I see that TypeScript uses JavaScript's dumb definition of "constant" which is "not constant".

    And apparently it's either untyped or Microsoft made TypeScript's compiler smarter for ternary expressions than they made the C# compiler.


  • BINNED

    @ben_lubar said in Potential Null Pointer Access:

    And apparently it's either untyped or Microsoft made TypeScript's compiler smarter for ternary expressions than they made the C# compiler.

                var rand = new Random();
                var x = rand.Next(2) > 0 ? "hello" : null;
    

    What's wrong with the C# compiler?



  • @Jaloopa said in Potential Null Pointer Access:

    @ben_lubar said in Potential Null Pointer Access:

    And apparently it's either untyped or Microsoft made TypeScript's compiler smarter for ternary expressions than they made the C# compiler.

                var rand = new Random();
                var x = rand.Next(2) > 0 ? "hello" : null;
    

    What's wrong with the C# compiler?

    If string is a nullable type in TypeScript, your original example doesn't work.

    If not, try doing that with a type that can be used with ? like int.


  • BINNED

    @ben_lubar Ah, I see what you mean. It wasn't my original example though


  • sockdevs

    @ben_lubar said in Potential Null Pointer Access:

    And apparently it's either untyped or Microsoft made TypeScript's compiler smarter for ternary expressions than they made the C# compiler.

    It's not so much the TypeScript one is smarter, more that C# has a stricter type system. C# has no automatic conversion that allows test ? 7 : null; to work, as there's no automatic mapping from null to int.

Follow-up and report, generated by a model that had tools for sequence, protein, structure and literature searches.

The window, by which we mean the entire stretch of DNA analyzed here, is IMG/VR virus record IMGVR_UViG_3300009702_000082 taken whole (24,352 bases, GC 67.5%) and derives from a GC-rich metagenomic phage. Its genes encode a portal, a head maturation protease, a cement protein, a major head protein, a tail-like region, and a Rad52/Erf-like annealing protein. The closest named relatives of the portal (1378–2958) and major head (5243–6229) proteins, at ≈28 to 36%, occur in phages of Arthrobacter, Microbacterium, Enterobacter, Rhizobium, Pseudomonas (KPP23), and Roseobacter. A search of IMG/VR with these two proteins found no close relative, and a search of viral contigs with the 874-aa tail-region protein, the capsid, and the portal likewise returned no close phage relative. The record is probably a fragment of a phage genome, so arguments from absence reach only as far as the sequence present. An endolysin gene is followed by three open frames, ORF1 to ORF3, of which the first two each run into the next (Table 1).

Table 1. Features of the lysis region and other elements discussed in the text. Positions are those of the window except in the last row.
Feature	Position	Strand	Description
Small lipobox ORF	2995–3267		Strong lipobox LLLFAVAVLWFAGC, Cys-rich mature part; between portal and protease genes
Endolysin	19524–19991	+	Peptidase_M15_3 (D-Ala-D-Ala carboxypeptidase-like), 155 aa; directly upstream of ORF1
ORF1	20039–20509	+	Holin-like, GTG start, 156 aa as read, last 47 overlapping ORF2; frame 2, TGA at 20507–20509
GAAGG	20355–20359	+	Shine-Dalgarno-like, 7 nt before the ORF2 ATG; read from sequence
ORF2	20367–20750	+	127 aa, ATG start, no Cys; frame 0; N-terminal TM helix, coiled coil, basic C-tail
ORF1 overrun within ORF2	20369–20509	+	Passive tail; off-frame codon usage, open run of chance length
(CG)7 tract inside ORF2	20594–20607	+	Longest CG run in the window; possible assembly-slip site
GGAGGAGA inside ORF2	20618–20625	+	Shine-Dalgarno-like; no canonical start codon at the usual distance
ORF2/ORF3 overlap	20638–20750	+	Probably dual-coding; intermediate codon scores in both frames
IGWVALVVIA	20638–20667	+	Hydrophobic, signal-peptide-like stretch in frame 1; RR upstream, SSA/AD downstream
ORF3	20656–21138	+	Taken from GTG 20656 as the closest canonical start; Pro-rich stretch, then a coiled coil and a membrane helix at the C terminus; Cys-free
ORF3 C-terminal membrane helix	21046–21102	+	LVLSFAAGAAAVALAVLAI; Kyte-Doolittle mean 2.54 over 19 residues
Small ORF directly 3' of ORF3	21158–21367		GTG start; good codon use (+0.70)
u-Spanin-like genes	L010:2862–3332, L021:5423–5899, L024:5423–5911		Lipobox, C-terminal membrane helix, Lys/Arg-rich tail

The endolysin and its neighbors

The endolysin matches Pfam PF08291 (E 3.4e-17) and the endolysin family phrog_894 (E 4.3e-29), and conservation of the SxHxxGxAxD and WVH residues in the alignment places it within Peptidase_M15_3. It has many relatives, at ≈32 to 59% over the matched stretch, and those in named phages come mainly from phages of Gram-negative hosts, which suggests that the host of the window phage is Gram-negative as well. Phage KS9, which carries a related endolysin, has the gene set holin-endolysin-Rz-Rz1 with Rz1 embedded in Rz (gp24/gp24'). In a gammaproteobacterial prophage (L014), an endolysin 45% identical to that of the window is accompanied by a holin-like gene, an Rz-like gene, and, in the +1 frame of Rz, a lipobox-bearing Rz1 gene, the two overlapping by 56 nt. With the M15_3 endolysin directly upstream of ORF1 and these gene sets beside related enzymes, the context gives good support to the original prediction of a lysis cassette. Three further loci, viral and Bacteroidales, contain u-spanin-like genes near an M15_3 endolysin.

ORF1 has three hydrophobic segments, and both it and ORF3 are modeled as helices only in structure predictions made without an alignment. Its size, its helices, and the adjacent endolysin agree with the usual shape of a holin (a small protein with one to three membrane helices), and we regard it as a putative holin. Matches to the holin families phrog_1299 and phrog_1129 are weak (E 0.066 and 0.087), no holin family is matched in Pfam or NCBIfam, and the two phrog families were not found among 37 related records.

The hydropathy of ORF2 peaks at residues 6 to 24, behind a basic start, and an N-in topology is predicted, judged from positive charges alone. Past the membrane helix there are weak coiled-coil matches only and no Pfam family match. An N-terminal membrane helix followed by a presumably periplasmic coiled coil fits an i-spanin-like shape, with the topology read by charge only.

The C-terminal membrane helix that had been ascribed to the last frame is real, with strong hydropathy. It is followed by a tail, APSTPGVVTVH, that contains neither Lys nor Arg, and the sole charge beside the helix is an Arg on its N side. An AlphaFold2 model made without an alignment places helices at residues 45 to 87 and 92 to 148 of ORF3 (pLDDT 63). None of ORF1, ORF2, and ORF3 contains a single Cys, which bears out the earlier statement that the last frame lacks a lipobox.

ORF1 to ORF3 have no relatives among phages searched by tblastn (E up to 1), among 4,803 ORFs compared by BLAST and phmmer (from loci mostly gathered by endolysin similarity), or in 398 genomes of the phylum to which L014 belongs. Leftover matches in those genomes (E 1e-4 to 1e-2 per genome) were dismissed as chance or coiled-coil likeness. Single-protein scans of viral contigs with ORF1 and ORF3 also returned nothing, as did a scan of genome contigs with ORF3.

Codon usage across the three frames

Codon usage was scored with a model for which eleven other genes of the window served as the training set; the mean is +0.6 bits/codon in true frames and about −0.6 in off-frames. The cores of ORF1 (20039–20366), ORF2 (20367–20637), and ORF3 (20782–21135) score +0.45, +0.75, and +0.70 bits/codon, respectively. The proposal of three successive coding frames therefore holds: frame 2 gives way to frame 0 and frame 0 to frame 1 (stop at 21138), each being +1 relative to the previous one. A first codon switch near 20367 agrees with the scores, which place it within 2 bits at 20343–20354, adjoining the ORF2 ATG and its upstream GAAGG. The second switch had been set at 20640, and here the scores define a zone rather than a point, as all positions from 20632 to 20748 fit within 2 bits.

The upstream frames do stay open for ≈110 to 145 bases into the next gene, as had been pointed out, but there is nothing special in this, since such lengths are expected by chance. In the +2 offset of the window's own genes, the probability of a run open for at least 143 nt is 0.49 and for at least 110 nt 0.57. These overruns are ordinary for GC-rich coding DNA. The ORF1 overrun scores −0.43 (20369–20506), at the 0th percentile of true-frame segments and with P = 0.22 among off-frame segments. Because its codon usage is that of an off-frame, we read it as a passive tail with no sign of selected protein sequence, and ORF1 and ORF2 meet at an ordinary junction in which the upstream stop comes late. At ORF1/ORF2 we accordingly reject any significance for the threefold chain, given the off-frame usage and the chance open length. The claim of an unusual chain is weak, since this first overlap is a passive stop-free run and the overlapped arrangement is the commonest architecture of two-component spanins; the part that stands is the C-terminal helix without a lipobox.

• @RaceProUK said in Potential Null Pointer Access:

    @ben_lubar said in Potential Null Pointer Access:

    And apparently it's either untyped or Microsoft made TypeScript's compiler smarter for ternary expressions than they made the C# compiler.

    It's not so much the TypeScript one is smarter, more that C# has a stricter type system. C# has no automatic conversion that allows test ? 7 : null; to work, as there's no automatic mapping from null to int.

    The thing that's weird to me is that int? foo = test ? 7 : null; also causes a compiler error.


  • sockdevs

    @ben_lubar Yep, because there's no auto conversion from null to int ;) var foo = test ? 7 : new int?(); works though.

    The reason int? foo = test ? 7 : null; doesn't work is because int? is shorthand for Nullable<int>, which, even though you can assign null to it, is a value type, not a reference type.



  • @ben_lubar said in Potential Null Pointer Access:

    The thing that's weird to me is that int? foo = test ? 7 : null; also causes a compiler error.

    When the place you store an expression has an influence on the expression itself, that way lay madness. The problem is entirely on the right side of the equal sign, and has no business being influenced by the left side.

    I could use @RaceProUK's suggestion, but by habit I use test ? (int?)7 : null instead.


  • Discourse touched me in a no-no place

    @Medinoc said in Potential Null Pointer Access:

    that way lay madness

    Also known as “some version of Perl”…